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Judge Harold R. Banke.
Withdrawal of guilty plea. Chatham Superior Court. Before Judge Bass.
Leonard Palmer entered a negotiated plea to a burglary charge and received a five-year sentence. In his sole enumeration, Palmer challenges the denial of his motion to withdraw the plea, arguing that (1) it was not freely and voluntarily entered into and (2) he was not in fact guilty.
Before the plea hearing, Palmer completed a written voluntariness questionnaire under oath with his appointed attorney's assistance. In it, Palmer waived his right to remain silent and admitted his guilty plea was not coerced or motivated by threats or promises unrelated to the plea negotiations. To an inquiry as to his guilt, Palmer responded, "Alford plea (best interest)."
Prior to accepting the plea and imposing sentence, the trial court established the existence of a factual basis for the plea and assured its voluntariness. At the hearing, Palmer testified that he and his lawyer had gone over the questionnaire, and the answers were truthful and his own. The trial court then imposed the negotiated sentence.
Six days after this hearing, Palmer filed a pro se document seeking consideration of the sentence based on ineffectiveness grounds. A week later, he moved to set aside the conviction. The trial court appointed counsel, who then moved to withdraw the plea. After a hearing, the trial court denied the motion. Held:
Guilty pleas challenged after the imposition of sentence may be withdrawn only to correct a manifest injustice. Williams v. State, 221 Ga. App. 291, 293 (1) (470 SE2d 922) (1996) (physical precedent only); Uniform Superior Court Rule 33.12. Because the plea engendered no manifest injustice and the State met its burden of showing that it was intelligently and voluntarily entered into, the trial court did not abuse its discretion in denying Palmer's motion to withdraw his plea. Moore v. State, 225 Ga. App. 860, 861-862 (2) (485 SE2d 552) (1997); see Williams, 221 Ga. App. at 292.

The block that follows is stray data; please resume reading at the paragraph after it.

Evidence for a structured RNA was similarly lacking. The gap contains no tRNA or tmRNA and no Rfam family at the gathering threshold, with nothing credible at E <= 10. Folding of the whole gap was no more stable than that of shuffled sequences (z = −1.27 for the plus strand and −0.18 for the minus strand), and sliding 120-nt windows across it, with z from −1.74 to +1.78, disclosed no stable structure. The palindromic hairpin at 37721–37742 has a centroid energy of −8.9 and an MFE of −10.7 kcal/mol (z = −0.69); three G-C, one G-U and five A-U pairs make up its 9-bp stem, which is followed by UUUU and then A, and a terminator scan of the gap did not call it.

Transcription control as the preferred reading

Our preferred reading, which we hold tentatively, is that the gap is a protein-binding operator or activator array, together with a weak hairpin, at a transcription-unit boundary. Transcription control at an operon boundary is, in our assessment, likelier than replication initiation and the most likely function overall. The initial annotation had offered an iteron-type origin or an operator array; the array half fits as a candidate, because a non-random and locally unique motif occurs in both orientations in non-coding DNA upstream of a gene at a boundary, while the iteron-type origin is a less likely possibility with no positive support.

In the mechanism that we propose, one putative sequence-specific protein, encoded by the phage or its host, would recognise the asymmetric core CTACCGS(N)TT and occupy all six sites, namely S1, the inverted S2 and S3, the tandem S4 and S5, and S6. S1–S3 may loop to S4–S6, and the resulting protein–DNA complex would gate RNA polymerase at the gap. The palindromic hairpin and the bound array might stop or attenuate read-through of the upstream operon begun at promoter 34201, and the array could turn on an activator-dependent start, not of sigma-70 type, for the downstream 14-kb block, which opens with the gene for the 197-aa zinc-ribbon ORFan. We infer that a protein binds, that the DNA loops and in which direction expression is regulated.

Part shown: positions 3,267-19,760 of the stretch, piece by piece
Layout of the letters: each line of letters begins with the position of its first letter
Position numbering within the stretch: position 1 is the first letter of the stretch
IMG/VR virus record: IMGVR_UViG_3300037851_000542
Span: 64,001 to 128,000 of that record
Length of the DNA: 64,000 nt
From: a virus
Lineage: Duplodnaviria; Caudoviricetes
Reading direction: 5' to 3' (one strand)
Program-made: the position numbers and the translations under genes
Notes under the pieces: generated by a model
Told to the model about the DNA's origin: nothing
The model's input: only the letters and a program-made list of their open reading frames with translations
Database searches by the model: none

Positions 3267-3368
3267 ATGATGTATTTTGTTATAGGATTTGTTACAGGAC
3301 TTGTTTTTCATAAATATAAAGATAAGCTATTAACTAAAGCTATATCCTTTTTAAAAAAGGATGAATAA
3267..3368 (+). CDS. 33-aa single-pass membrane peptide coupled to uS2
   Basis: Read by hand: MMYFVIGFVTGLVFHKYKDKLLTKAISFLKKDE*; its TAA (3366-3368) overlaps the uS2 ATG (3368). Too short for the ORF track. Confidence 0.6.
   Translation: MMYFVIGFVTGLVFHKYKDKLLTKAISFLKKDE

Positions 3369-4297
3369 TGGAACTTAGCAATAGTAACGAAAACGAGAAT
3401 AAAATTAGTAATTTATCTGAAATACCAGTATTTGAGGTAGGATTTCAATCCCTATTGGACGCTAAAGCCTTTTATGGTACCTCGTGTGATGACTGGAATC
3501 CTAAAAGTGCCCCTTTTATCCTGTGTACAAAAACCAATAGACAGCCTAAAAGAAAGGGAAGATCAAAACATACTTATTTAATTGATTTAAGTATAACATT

Notwithstanding Palmer's claim of innocence and his dissatisfaction with the plea, the record from the plea hearing establishes that he entered into the plea voluntarily with full understanding of what he was doing. See Thornton v. State, 180 Ga. App. 274, 275 (349 SE2d 23) (1986). At the motion to withdraw hearing, Palmer's former counsel disclosed his reasoning for advising Palmer to plead guilty, testifying that after an early morning burglary at a local tavern, police arrested Palmer at the scene near a cache of liquor bottles. Palmer's fingerprints were found on one of the liquor bottles and on a shard of glass broken when the burglar entered the establishment. Former counsel also testified that he spent several hours investigating Palmer's criminal history, learning Palmer had over 50 out-of-state arrests on 130 charges, some of which involved thefts. Former counsel testified that he explained to Palmer that with this record a recidivist sentence of 20 years would likely be imposed if a trial resulted in a guilty verdict. Former counsel also testified that Palmer expressed his intent to withdraw the plea even before it was entered. At the hearing, Palmer admitted that he had previously told the judge that his plea was not coerced, but denied committing the crime.
We find no manifest injustice in the trial court's denial of the motion to withdraw. See State v. Evans, 265 Ga. 332, 336 (3) (454 SE2d 468) (1995).
Spencer Lawton, Jr., District Attorney, Barbara S. Foster, Assistant District Attorney, for appellee.
C. Jackson Burch, for appellant.
Thursday May 21 03:49 EDT

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